Lynda’s own staff worked for her without pay, for a year and a half? Could that be right? Why would these people—presumably not rich—keep working? Why not get up and quit?
To heck with my telltale face, I was now gasping for words.
“The staff’s salaries?” was all I finally managed to croak. Sometimes I impress even myself with my eloquence.
I started again to explain the query, but Lynda understood perfectly.
She leaned in and for the first time since we met, Lynda’s eyes flooded with copious tears.
“Those poor people,” she sobbed softly, “they want to take care of me, they are like family.” Then the dam burst.
Lynda had been even-keel, even cheerful, speaking about her own life, but the woeful treatment of her servants was too much. It was her husband’s fault. She spoke about the court battles to obligate Mr. Adams for the servants’ keep, and of his dark, cold indifference. A tear stuck to the bottom of her nose and glistened like a tiny star. Then her eyes glinted with resolve: “You must make Rick pay them. You can help Jane and Jack. And others!” If she was wearing makeup, crying did not hurt it. She was calm and brave like a little queen.
Her greedy husband defied his obligation to pay the maids and the gardeners. Not a penny beyond what was court-ordered and for Lynda’s necessities. It was disgusting. I vowed to make the heartless cad pay.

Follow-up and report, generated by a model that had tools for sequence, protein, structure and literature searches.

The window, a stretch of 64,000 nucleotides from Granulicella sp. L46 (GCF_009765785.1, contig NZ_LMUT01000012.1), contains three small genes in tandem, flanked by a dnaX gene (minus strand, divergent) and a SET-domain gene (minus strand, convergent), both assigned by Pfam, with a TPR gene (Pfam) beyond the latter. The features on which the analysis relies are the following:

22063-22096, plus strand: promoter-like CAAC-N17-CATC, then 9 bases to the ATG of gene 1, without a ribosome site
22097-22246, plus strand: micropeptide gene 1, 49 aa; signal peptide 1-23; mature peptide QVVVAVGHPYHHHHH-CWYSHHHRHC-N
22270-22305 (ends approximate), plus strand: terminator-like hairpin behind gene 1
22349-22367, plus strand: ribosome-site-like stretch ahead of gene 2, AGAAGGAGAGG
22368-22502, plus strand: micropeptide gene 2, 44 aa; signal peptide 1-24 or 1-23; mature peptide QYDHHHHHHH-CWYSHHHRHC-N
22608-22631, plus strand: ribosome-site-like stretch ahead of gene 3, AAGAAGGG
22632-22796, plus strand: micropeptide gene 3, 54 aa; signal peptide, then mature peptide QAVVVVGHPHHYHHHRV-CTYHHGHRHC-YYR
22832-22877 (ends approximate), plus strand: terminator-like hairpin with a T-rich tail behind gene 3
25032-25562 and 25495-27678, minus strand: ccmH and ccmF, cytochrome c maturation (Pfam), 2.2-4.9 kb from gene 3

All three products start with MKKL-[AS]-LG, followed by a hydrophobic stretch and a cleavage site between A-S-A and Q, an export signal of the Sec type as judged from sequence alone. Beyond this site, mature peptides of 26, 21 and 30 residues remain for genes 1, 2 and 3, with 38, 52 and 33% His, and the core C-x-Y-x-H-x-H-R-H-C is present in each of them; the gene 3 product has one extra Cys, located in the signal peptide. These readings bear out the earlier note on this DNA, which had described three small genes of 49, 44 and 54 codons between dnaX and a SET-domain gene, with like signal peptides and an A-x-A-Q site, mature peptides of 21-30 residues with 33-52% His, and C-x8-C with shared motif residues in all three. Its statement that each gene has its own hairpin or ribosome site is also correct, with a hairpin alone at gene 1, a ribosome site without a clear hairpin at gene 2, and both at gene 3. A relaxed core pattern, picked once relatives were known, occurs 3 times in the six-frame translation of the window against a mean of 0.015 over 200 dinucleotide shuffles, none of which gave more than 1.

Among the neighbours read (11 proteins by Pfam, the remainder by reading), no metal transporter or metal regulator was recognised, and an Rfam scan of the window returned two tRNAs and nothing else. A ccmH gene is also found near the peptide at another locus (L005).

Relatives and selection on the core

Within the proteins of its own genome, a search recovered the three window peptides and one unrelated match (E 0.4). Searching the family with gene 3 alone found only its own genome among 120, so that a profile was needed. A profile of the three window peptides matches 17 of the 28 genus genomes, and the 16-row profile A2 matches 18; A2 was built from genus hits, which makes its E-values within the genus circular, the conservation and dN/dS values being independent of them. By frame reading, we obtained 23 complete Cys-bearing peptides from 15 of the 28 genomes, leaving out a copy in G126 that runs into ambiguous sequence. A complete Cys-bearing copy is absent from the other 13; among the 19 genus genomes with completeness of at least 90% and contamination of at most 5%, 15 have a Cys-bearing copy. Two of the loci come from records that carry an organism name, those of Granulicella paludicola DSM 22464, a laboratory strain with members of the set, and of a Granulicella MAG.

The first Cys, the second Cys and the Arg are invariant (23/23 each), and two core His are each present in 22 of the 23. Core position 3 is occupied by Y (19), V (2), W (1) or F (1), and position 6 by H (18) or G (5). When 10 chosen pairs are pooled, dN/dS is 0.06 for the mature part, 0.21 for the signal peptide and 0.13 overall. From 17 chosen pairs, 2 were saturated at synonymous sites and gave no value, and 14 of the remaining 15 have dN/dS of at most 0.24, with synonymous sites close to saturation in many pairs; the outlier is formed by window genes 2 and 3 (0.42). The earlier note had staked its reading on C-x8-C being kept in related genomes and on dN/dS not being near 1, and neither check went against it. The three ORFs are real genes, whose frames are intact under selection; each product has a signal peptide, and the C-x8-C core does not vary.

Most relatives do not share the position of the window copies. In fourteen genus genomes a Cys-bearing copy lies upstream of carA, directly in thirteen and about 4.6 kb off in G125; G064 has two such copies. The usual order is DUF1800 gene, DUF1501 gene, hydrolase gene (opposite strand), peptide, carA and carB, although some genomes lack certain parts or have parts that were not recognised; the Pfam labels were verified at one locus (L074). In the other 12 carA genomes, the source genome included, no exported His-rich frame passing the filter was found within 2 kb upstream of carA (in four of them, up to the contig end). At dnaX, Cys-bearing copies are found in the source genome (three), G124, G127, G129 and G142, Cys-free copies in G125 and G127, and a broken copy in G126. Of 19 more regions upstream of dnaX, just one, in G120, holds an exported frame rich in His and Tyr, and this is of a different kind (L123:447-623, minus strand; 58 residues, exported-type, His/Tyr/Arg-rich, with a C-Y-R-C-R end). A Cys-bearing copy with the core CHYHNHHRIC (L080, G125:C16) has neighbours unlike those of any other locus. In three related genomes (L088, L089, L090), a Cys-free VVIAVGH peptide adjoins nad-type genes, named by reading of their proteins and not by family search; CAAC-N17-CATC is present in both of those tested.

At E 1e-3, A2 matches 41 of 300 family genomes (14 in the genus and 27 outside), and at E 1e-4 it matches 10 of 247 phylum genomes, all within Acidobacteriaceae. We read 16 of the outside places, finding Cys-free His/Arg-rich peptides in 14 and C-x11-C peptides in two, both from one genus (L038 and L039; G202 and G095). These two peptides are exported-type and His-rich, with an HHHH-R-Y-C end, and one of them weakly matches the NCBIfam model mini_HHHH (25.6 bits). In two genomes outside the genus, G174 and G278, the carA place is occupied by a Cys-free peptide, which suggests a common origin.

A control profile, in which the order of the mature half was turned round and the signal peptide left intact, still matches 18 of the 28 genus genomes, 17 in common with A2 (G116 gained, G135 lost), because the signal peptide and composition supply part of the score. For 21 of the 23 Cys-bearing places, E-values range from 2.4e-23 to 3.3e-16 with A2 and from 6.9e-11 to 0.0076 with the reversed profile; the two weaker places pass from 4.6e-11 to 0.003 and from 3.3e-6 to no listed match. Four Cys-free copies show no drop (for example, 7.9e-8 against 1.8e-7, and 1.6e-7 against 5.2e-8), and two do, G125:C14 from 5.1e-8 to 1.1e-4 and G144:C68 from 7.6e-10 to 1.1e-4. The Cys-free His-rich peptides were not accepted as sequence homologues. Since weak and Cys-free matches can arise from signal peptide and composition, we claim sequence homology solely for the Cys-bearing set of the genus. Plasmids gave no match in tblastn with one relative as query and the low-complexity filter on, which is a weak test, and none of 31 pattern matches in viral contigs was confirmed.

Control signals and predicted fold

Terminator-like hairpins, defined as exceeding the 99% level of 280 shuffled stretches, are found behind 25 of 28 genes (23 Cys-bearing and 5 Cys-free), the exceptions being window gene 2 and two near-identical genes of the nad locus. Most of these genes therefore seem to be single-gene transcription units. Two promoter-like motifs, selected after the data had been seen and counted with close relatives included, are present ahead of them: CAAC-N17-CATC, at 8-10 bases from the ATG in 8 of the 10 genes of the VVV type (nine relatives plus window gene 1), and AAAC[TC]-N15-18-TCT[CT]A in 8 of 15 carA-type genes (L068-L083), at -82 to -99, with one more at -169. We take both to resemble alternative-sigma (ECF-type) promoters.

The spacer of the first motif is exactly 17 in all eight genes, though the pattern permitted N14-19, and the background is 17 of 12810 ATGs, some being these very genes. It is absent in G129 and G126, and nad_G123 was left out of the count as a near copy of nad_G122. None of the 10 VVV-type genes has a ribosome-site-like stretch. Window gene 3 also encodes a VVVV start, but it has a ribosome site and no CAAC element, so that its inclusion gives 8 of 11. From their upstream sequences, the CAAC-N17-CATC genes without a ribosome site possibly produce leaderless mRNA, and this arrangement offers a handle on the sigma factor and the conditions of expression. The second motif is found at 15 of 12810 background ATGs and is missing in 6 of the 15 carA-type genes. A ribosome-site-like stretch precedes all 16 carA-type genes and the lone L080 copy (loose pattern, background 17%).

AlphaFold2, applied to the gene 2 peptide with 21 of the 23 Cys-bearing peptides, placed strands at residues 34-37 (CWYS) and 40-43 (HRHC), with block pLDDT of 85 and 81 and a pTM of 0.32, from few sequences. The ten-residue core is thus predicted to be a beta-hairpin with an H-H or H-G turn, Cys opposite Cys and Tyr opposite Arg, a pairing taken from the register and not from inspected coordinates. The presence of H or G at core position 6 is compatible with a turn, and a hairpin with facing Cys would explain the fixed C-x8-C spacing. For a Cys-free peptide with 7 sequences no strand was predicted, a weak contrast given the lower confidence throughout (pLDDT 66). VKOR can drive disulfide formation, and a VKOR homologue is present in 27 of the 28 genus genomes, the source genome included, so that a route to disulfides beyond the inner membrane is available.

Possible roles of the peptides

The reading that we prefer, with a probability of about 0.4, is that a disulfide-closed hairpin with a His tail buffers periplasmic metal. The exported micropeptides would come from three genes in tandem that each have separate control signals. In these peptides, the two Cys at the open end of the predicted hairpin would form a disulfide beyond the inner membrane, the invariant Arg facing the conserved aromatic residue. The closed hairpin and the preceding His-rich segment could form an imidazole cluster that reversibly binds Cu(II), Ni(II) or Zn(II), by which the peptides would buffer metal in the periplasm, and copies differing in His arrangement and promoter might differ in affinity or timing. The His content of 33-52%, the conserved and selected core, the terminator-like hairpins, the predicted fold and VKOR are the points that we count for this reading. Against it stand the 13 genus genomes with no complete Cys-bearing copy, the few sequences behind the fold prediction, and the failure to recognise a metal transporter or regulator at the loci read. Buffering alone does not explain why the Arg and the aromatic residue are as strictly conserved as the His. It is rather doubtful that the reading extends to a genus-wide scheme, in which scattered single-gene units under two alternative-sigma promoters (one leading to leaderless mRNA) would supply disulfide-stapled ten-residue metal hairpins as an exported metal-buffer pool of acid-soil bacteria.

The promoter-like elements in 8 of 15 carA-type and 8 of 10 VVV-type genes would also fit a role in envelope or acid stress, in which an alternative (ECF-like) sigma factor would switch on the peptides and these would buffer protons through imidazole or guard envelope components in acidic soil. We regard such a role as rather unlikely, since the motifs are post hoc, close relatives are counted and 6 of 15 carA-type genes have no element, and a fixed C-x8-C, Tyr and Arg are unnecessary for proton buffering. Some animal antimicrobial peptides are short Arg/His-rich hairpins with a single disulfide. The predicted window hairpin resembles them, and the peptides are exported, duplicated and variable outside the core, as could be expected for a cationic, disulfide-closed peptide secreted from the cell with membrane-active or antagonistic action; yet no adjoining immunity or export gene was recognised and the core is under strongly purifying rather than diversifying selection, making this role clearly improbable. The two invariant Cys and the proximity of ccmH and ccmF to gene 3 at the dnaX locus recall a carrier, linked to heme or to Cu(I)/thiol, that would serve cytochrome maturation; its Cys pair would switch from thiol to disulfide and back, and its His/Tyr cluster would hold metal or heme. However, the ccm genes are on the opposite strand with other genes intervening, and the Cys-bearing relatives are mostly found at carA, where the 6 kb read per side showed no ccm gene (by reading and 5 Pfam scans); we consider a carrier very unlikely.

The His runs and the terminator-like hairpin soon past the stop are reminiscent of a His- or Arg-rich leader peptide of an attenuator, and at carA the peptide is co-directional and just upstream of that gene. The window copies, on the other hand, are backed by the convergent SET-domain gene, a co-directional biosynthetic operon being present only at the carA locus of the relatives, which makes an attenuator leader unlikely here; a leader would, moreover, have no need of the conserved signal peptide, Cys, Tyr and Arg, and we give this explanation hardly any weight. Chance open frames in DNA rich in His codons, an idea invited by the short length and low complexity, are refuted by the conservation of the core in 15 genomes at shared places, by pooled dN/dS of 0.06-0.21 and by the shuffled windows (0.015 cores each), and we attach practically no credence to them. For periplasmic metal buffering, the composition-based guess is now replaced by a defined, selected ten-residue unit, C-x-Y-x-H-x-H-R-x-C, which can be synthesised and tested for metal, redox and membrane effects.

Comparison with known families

With that decided, my mind wandered again, back to my own staff. If we accepted Lynda’s case, that called for an all hands on deck mobilization—and the hands had to be paid. I could not put my people in the shoes of Jane Holodny, who was still waiting for Lynda’s family to send her the past-due paychecks. Reading my mind again, Lynda leaned down to her purse, and solemnly produced a cream-colored personal stationary on which the Letters L and A intertwined in a happy hug. With a firm hand, she titled the note:
“Directive to my Home Office.”
June 7, 2014
Dear William Johnson,
RE: Sale of cottage on 1727 Rosehip Street
All proceeds from the cottage sale must be paid out to my lawyer, Portia Porter, for my bills. Will you see to that yourself?
I watched her sign and date the directive in a firm, beautiful hand.
Under normal circumstances, with a regular client, that note was the closest thing to money-in-the-bank. But it was Lynda, and she had her reputation.
When first we discussed the policies of my law firm, I had announced to Lynda my Unbreakable Rule: no client is accepted without a retainer upfront.
A substantial retainer in her case. Enough to tide over the whole crew until we are released by the judge, even if she never pays another bill again. Lynda was offering a lot of money, more than I even expected. But it was not exactly upfront. It still would technically break my rule.
Lynda sensed my hesitation. She tensed, like Kipling’s Bagheera, readying for a pounce. We looked at each other, and I felt a little like a bull—strong but slow—staring into the eyes of a poised hunter panther.
“Today is Tuesday?” I said tentatively.